By Jeff

Guess who’s coming to your meeting?

With deference to the classic Poitier film, one of the main questions Project Managers are challenged to help our clients with is “who should be involved in stakeholder meetings and workshops?”. After nearly 15 years of working with nonprofits and associations both inside and as a consultant, this question can still be vexing for me. The truth is that there are a number of variables to consider.

As usual at Beaconfire, we like to first start with the goals and outcomes. Based on the primary goal of the meeting, it should be easy to pick a profile for the attendees. Let’s explore a few of the possible meeting goals and outcomes.

  1. To transfer knowledge from the project team to the consultant. If we need to understand client thinking, around which there is some consensus, then the meeting should be the small group, best positioned to convey this information.
  2. To facilitate a session for brainstorming or idea generation that is strategic, visionary and exploratory. These folks should be creative, outgoing, informed and able to work well with others. Usually includes a broad mix of folks for perspective but no decisions are typically expected.
  3. To explore and brainstorm desired features or creative directions or technical options with purpose of reaching directional agreement (if not consensus). These subject matter focused meetings make it straightforward to identify those staff, volunteers or constituents that can best speak to the subject matter plus those with enough perspective to provide some boundaries for the discussion. Some decision makers may be present but ideally it is best  if they also have subject matter information to bring to the discussion. This usually limits leadership to the direct project sponsor and not other decision makers.
  4. To educate, inform or otherwise brief a group of stakeholders and decision makers. This meeting is characterized by mostly presentation and summary information with opportunities for clarification and refinement of ideas and concepts that are pretty well formed. The goal here is confirmation, positive reinforcement if not outright approval.
  5. To provide a forum for stakeholders to be heard, to share their perspective and ultimately to be engaged authentically for the purposes of building ‘buy-in’. In this case, the workshop may be more about appearances and the effort of engaging this audience than the actual information discussed.

Sometimes a stakeholder workshop is defined first by WHO is attending and what the impact of their needs is on how the meeting will be framed and the outcomes expected. If the audience for the workshop is one of the following, see how the meeting’s outcome might be anticipated.

  • Consultants / Project Team – Sometimes, the client project team mostly knows what they need to convey to the consultant. This type of meeting will cover specific information with background context, or a pretty firm hypotheses that may need validation and refinement with the consultant experts. It is very likely that this meeting will result in directional agreement if not decisions. These meetings should be very focused, include only those needed for the topic. These meetings can be characterized by “what the consultants need to move the project ahead”.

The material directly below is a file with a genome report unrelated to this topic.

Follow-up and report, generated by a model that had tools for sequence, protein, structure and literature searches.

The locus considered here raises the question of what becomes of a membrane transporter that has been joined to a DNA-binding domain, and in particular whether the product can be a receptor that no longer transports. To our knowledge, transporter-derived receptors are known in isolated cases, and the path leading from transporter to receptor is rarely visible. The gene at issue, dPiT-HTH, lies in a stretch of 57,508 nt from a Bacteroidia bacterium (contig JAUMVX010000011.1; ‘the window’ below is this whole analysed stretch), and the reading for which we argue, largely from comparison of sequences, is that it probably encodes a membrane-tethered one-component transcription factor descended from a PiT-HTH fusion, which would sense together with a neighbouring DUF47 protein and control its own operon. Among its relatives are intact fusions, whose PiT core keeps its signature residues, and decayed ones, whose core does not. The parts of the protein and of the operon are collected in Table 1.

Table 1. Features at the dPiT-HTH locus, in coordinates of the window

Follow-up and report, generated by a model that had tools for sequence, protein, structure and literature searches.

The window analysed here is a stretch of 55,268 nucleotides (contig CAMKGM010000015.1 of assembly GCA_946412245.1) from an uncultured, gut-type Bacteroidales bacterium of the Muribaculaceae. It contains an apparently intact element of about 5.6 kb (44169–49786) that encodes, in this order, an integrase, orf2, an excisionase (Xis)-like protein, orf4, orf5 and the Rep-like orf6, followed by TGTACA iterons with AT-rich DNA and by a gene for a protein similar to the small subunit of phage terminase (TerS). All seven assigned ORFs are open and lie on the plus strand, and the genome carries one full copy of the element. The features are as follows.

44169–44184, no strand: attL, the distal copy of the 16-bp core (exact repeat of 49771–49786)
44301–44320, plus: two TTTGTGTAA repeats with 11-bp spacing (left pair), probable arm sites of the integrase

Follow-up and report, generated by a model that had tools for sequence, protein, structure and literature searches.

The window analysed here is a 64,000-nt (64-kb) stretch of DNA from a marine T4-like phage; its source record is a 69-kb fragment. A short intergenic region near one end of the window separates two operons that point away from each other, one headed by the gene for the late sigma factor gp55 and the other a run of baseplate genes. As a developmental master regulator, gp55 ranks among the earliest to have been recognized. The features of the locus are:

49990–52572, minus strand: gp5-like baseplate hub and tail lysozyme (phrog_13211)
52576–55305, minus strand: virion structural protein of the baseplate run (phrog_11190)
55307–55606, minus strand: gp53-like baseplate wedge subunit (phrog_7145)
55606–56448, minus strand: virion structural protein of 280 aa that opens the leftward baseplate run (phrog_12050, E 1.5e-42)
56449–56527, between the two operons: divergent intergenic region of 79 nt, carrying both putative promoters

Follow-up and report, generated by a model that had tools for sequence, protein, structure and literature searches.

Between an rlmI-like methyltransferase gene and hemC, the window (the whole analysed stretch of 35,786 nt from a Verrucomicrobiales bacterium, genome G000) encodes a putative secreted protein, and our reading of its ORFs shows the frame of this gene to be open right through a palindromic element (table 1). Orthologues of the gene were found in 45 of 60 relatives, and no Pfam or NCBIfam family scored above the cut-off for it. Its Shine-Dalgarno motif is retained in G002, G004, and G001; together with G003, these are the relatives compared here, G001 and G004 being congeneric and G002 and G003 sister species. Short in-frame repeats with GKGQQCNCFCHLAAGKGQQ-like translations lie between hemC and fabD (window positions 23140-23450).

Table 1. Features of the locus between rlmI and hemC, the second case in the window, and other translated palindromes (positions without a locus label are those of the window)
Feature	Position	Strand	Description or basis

• Client Project team extended – In other cases, the client team members may need a workshop or meeting to discuss, review and brainstorm ideas and want/need the consultants to facilitate. Surely the consultant will get much of the background and factual information it needs through this facilitation and exploration, but these meetings are less likely have decisions as an outcome. It will be a pleasant surprise if there appears to be directional agreement if not outright consensus as a result of the meeting.
  • Internal or external stakeholders outside of project team – More often than not, these stakeholders are engaged for one of a few purposes:
    1. to be informed and educated about some topic, process, approach or concept, such that they’ve been ‘briefed’
    2. to give these stakeholders a chance to be engaged for the purposes of getting their ‘buy-in’ to the process, if not the outcome.
    3. to be engaged in validating concepts, ideas and approaches where there are unique perspectives that they can provide.
  • Constituents are whole different set of needs/expectations around which we have numerous engagement techniques and where a “meeting or workshop” is less likely to be the proper medium.

The short-hand I use to understand which type of meeting we need to have is based on these questions:

  • What does my consultant team need to know and who can best give us this information? Or who can give us the decision or validation to keep moving forward?
  • What does the client team need the meeting to achieve (for themselves or for others)?

In reality most meetings have multiple goals and may involve a cross section of client stakeholders. Ideally however, the meetings can either be separated out to account for the needs of different stakeholder groups. If not, then the meeting agenda requires careful planning and savvy facilitation and a dose of good meeting karma.

Meeting facilitation that achieves a variety of goals with a mix of stakeholders whose needs don’t always align is often the primary reason a firm like Beaconfire is engaged. After all these years, it isn’t quite old hat, but we’ve seen most every combination possible and have tips and tricks for each. But that’s another blog post!

One Response to “Guess who’s coming to your meeting?”

  1. What we’re reading this week: Jan 28, 2011 | Beaconfire Wire Says:

    [...] 01/28/2011: Guess who’s coming to your meeting? [...]

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